Looking at Seattle Genetics' (NASDAQ:SGEN) value makes me think of a barbell, as the valuation is split between the near-term potential of the approved oncology drug Adcetris in maintenance and salvage indications in Hodgkins, anaplastic large cell, and cutaneous T cell lymphomas, and the longer-term potential of extending Adcetris into front-line therapy and the company's pipeline. As is, I think there's enough value in the existing Adcetris business to support a price in the mid-$20's, but it is clear that the real value lies in the longer-term opportunities.
I think Seattle Genetics deserves to trade in the mid-$40's today, but this could well be a frustrating stock to own. With most of the company's pipeline in early stages of development and partnered programs offering only modest royalties, I suspect investors may get impatient with the years-long wait for data from the front-line ECHELON trials and the Street's fixation on the quarter-to-quarter wobbles in Adcetris sales.
ADCs Are Real, But It's Still Early
Antibody drug conjugates (ADCS)have emerged as a real and viable platform technology for addressing cancer, and Seattle Genetics has a well-established IP estate in this area. ADCs allow for more effective oncology antibody treatments by taking an antibody and linking it to a cancer-killing compound like a chemotherapy or radiological agent. Adcetris and Roche's (OTCQX:RHHBY) Kadcyla (developed with technology from ImmunoGen (NASDAQ:IMGN)) are probably the best-known ADCs (and both are approved), but there are dozens of ADCs in various stages of development around the pharmaceutical and biotech sectors.
Seattle Genetics has chosen to approach the ADC market with a hybrid model. While the company does have its own proprietary pipeline, the company has partnered with or licensed its technology to numerous other drug companies, including Pfizer (NYSE:PFE), Bayer, Roche, Takeda, and AbbVie (NYSE:ABBV). The downside to this agreements is that there is not much value in early-stage licensing in biotech, and these programs are generally only going to pay a mid-single digit royalty to Seattle Genetics in the event they reach the market. The next decade should see several Seattle Genetics-licensed ADCs reach the market, but it is still very much an early-stage/developing opportunity today.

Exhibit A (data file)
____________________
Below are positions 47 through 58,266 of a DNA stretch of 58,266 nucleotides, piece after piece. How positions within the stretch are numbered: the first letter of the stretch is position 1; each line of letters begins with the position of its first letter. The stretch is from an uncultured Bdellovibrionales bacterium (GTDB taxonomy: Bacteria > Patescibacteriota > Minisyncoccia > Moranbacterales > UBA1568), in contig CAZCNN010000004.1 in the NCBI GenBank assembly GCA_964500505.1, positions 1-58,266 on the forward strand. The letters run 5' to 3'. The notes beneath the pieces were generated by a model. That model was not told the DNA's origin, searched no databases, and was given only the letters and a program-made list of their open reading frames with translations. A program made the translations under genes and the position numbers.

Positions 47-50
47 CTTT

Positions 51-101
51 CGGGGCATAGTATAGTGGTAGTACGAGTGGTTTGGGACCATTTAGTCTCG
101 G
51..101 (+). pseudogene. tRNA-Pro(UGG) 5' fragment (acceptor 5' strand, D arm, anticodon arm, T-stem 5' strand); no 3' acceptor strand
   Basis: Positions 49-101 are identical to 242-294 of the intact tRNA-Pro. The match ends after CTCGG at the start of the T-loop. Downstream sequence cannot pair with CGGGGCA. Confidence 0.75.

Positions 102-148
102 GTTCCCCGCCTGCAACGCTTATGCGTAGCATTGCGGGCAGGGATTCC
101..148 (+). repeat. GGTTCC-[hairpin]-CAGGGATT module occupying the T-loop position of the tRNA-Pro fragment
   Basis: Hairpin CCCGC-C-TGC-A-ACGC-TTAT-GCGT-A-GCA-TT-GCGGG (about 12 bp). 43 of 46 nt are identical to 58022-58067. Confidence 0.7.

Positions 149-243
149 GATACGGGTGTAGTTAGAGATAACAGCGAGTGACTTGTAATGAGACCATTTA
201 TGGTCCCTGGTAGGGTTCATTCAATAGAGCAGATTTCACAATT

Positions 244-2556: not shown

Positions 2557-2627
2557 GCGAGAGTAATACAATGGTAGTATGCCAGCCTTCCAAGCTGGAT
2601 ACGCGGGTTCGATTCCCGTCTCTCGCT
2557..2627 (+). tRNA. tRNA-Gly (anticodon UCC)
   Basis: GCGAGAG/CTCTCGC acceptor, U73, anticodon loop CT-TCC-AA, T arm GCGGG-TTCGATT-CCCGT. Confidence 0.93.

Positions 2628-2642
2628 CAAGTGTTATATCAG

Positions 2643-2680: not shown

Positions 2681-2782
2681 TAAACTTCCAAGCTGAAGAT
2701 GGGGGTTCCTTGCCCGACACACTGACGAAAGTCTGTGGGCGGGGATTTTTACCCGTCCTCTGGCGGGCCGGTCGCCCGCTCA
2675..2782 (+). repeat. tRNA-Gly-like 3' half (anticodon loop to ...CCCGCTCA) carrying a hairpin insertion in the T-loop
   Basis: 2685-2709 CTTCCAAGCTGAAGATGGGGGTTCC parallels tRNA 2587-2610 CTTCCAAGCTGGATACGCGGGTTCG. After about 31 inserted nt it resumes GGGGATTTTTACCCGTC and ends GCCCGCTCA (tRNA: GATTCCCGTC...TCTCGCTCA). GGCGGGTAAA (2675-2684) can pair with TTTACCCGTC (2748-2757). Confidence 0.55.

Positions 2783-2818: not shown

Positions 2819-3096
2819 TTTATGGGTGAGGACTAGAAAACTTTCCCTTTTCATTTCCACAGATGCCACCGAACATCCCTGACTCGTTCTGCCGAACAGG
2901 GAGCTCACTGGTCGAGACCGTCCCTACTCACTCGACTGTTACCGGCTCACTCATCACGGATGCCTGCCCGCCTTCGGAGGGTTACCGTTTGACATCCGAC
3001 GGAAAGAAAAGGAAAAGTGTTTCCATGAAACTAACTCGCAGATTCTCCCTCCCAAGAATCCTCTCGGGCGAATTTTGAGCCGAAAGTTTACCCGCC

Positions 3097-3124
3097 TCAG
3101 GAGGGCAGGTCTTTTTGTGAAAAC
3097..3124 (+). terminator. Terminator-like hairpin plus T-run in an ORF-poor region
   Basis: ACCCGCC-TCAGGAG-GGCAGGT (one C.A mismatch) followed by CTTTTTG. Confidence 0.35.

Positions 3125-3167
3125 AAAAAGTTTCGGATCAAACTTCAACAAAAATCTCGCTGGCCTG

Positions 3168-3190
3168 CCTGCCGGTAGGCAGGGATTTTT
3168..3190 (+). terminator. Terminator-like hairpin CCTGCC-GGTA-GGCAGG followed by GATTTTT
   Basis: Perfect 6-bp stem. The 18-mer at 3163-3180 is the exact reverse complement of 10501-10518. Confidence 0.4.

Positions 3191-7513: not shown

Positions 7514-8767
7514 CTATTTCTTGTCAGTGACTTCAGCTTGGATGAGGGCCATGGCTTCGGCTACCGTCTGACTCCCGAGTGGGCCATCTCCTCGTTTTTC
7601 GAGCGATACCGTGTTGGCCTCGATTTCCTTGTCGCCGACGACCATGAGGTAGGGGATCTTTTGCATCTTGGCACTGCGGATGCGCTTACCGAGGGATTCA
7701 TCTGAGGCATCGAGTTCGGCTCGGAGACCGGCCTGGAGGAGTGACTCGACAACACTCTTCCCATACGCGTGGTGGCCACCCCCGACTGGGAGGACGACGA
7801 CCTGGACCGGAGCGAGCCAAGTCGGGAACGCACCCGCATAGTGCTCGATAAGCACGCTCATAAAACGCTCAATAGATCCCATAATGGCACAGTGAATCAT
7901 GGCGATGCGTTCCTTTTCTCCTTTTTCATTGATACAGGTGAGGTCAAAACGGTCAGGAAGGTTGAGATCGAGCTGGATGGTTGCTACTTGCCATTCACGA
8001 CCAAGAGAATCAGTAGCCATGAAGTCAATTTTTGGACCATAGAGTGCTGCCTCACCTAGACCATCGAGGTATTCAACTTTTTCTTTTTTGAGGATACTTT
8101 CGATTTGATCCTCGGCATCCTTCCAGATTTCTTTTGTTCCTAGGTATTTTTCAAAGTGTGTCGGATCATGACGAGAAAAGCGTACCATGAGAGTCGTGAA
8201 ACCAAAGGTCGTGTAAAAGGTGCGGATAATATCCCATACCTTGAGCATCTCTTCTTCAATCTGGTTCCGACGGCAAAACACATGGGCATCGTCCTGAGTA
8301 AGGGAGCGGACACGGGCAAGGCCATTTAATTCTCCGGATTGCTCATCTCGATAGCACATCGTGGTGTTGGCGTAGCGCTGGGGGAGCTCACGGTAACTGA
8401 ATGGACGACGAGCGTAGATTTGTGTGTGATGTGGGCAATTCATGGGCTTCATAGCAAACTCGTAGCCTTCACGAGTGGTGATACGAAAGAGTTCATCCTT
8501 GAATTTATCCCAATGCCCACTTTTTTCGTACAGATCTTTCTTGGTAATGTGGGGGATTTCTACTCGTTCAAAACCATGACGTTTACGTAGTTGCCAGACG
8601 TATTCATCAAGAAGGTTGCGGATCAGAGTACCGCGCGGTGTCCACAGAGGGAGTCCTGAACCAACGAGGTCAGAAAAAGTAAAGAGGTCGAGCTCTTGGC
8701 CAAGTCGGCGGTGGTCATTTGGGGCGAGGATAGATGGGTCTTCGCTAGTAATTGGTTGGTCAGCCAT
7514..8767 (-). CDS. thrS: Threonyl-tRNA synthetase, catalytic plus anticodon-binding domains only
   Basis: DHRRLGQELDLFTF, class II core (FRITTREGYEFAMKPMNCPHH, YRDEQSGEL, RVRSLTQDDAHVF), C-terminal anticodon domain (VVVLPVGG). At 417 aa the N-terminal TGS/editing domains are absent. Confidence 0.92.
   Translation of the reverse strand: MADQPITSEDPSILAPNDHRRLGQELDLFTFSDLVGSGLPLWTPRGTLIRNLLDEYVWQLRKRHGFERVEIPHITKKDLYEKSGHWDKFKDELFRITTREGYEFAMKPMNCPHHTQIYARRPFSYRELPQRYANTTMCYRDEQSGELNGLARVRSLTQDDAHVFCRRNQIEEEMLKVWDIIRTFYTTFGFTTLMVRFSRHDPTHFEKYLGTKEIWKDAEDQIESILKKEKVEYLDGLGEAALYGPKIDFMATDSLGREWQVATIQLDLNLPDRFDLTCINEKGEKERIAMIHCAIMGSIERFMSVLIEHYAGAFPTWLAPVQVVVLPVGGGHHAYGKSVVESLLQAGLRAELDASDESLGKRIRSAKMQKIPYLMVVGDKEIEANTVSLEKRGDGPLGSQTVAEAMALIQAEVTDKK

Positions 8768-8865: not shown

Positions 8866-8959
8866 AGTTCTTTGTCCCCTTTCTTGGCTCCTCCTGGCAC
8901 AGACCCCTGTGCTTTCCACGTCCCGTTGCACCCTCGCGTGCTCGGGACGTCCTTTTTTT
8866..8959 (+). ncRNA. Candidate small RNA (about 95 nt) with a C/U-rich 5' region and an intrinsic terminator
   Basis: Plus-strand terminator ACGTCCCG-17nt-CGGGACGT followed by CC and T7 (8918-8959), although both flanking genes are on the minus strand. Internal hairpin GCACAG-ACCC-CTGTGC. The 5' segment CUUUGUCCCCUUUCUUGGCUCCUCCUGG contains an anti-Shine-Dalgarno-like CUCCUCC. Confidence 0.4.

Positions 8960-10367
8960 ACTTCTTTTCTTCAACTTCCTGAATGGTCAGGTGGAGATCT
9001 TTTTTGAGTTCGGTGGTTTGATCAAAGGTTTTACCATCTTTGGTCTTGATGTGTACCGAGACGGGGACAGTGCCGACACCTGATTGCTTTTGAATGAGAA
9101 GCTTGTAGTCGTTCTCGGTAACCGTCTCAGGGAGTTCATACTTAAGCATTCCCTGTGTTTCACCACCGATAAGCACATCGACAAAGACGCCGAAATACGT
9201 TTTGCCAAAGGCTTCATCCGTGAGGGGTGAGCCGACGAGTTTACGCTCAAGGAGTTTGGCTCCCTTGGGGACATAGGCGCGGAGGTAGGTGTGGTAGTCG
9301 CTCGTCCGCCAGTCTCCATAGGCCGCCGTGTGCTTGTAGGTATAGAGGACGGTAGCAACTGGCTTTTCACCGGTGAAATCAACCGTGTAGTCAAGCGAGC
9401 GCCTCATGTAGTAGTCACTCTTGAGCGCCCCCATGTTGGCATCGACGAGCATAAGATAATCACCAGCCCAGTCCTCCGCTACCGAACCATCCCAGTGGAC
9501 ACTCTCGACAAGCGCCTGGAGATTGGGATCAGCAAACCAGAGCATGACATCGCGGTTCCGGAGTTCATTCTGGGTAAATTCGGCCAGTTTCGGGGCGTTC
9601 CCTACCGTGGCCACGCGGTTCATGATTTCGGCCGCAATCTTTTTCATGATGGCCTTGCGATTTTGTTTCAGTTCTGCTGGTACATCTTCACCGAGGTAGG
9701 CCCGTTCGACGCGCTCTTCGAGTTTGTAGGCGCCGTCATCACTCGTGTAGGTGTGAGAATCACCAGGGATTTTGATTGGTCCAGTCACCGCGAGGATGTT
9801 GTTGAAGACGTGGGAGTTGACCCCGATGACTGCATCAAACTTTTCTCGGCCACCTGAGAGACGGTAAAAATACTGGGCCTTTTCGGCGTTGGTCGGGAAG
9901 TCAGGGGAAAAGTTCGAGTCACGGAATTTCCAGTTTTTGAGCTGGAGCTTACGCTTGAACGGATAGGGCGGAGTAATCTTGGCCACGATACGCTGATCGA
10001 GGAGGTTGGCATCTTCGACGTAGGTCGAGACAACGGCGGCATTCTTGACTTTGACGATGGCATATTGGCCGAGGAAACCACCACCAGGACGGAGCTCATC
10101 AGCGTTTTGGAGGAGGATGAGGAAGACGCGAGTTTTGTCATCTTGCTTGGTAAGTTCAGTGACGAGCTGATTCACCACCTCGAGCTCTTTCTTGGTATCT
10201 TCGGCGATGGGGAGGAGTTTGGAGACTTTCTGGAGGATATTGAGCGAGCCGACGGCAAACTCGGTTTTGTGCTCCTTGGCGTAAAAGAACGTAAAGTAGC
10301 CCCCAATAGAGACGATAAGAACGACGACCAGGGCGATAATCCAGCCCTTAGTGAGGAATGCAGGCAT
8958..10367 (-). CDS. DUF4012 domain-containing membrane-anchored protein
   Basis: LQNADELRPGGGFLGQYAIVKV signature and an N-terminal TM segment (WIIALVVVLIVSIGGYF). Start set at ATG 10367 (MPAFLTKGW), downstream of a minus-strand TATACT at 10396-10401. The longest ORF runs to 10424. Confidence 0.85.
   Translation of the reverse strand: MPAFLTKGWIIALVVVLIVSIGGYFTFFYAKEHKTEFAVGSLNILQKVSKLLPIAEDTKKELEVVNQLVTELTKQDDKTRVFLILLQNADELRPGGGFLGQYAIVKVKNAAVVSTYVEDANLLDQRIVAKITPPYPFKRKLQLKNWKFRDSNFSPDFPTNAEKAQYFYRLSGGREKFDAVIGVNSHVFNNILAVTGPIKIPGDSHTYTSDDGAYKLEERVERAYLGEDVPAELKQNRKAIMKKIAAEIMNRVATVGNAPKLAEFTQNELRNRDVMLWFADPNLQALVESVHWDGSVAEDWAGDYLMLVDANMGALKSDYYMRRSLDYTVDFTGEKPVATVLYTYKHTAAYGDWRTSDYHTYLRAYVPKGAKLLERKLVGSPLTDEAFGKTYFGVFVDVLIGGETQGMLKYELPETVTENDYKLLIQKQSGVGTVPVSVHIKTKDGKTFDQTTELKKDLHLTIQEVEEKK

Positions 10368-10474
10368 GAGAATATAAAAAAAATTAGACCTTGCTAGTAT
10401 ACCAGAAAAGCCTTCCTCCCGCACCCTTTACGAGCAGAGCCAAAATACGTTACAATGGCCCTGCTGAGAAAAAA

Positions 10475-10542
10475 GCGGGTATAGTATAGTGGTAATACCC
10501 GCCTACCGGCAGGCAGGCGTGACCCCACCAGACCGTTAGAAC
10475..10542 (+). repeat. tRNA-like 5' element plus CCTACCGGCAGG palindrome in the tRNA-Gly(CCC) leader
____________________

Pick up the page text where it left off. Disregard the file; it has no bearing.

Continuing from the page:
Adcetris Has Real Growth Potential
Seattle Genetics has managed to get its own proprietary ADC to market in the U.S., and Adcetris has shown exceptional efficacy as a treatment for relapsed or refractory lymphomas. As is, I believe that the Adcetris label is good for over $500 million in U.S. peak sales and over $20 a share in fair value. The real question is whether or not Adcetris has significant additional label/use extension opportunity. I believe it does, but it will take time for that to come to fruition.
The biggest opportunity for Seattle Genetics is to get approval to market Adcetris as a front-line therapy for Hodgkins lymphoma, diffuse large B-cell lymphoma, and other lymphoma types. I believe that such approvals would open up at least $800 million in revenue potential and add at least $12 to the fair value of the company. Prior studies of Adcetris have shown strong efficacy in relapsed/refractory lymphoma patients, and small early-stage studies have likewise shown very encouraging efficacy as a front-line agent.